Ann Hochschild

Ann Hochschild

Maude and Lillian Presley Professor of Microbiology
Ann Hochschild

Our laboratory uses bacteria to study fundamental mechanisms of transcription regulation, as well as the biology of prions. With an emphasis on the development of genetic tools, our work also encompasses biochemical, structural and microscopy-based approaches.

Transcription by the multi-subunit RNA polymerases is a complex process consisting of multiple steps at which regulation can occur. To understand the relevant molecular interactions and regulatory mechanisms, we are taking advantage of the relative simplicity of the prokaryotic transcription machinery and the power of bacterial genetics. The RNA polymerase (RNAP) core enzyme is evolutionarily conserved from bacteria to man, as has been strikingly confirmed by crystallographic studies. Accordingly, insights into the function of the bacterial enzyme are likely to be relevant to the function of all multi-subunit RNAPs. Current work is focused particularly on regulatory mechanisms that target post-initiation stages of the transcription cycle. During the course of our transcription studies, we have developed a number of broadly applicable genetic assays for studying protein-protein interactions, including a widely used transcription-based bacterial two-hybrid assay that has facilitated a variety of projects in the lab.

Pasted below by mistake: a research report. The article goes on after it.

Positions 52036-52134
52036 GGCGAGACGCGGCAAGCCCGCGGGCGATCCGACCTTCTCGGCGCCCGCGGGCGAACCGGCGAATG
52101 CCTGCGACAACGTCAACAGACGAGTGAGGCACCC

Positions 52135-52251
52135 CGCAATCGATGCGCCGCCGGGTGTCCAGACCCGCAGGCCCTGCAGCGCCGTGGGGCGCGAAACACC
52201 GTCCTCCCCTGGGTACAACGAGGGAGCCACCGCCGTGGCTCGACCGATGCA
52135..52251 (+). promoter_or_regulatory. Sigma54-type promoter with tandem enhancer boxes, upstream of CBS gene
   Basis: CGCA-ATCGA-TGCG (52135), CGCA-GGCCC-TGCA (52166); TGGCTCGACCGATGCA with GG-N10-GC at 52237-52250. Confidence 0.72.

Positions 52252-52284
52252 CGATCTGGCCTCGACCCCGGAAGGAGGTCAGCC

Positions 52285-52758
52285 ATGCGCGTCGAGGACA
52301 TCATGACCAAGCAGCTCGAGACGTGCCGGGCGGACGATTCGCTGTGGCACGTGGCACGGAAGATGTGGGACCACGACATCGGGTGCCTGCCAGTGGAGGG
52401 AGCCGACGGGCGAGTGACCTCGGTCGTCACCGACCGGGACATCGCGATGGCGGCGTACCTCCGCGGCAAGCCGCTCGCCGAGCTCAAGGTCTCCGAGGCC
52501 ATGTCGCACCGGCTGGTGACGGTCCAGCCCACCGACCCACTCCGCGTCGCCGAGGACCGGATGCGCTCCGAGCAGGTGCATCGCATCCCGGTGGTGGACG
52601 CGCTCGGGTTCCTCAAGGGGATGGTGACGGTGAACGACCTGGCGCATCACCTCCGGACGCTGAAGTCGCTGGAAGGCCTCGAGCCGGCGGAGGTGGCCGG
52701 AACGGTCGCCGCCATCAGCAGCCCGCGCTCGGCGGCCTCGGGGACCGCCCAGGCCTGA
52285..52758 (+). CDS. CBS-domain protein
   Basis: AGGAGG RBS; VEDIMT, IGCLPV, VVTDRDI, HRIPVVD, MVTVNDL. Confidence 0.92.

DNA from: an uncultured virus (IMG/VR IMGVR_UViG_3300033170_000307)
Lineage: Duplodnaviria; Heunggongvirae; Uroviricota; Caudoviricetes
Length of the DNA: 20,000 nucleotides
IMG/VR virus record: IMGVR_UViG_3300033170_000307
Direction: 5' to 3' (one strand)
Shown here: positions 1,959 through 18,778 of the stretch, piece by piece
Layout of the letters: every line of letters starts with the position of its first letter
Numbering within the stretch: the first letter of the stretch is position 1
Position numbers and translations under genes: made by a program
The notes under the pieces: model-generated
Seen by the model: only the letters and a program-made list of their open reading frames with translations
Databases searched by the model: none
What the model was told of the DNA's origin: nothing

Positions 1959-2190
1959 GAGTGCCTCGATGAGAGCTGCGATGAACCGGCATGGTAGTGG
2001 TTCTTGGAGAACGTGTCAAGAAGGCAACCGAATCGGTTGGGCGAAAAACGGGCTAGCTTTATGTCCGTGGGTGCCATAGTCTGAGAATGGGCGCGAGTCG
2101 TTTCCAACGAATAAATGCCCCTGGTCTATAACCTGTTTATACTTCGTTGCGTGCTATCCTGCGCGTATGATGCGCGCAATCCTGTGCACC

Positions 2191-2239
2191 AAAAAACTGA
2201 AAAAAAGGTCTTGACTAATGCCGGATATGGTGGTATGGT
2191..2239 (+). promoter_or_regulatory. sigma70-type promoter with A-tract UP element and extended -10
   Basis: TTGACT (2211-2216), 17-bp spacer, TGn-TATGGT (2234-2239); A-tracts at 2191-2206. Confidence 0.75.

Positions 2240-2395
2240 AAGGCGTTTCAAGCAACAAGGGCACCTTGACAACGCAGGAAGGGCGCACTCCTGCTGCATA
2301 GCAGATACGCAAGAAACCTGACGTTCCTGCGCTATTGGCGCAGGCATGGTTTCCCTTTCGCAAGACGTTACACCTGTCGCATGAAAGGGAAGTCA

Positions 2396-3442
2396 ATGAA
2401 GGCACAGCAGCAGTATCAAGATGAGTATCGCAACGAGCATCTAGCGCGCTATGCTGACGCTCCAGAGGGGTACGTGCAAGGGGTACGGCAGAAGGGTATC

A second project in the lab is focused on prions and protein-based heredity. Prions are infectious, self-propagating protein aggregates that are notorious for causing devastating neurodegenerative diseases in mammals. They have also been described in fungi, where they act as protein-based genetic elements. Despite the apparent conservation of prions in evolutionarily divergent members of the fungal Kingdom, prions were not known to exist in bacteria. Having first demonstrated that E. coli cells have the requisite molecular machinery to propagate a model yeast prion, we recently uncovered a bacterial prion-forming protein, the transcription termination factor Rho of Clostridium botulinum. At the same time, we have developed a set of genetic tools for detecting the conformational transitions that are diagnostic of prion formation. The identification of a bacterial protein with the ability to propagate as a prion points to a previously unrecognized source of epigenetic diversity in bacteria, and current work is directed at investigating the scope of prion-like phenomena in bacteria.

Contact Information

Harvard Medical School
NRB Building, Room 1035A
77 Avenue Louis Pasteur
Boston, MA 02115
p: 617-432-1986

Community or Program Affiliation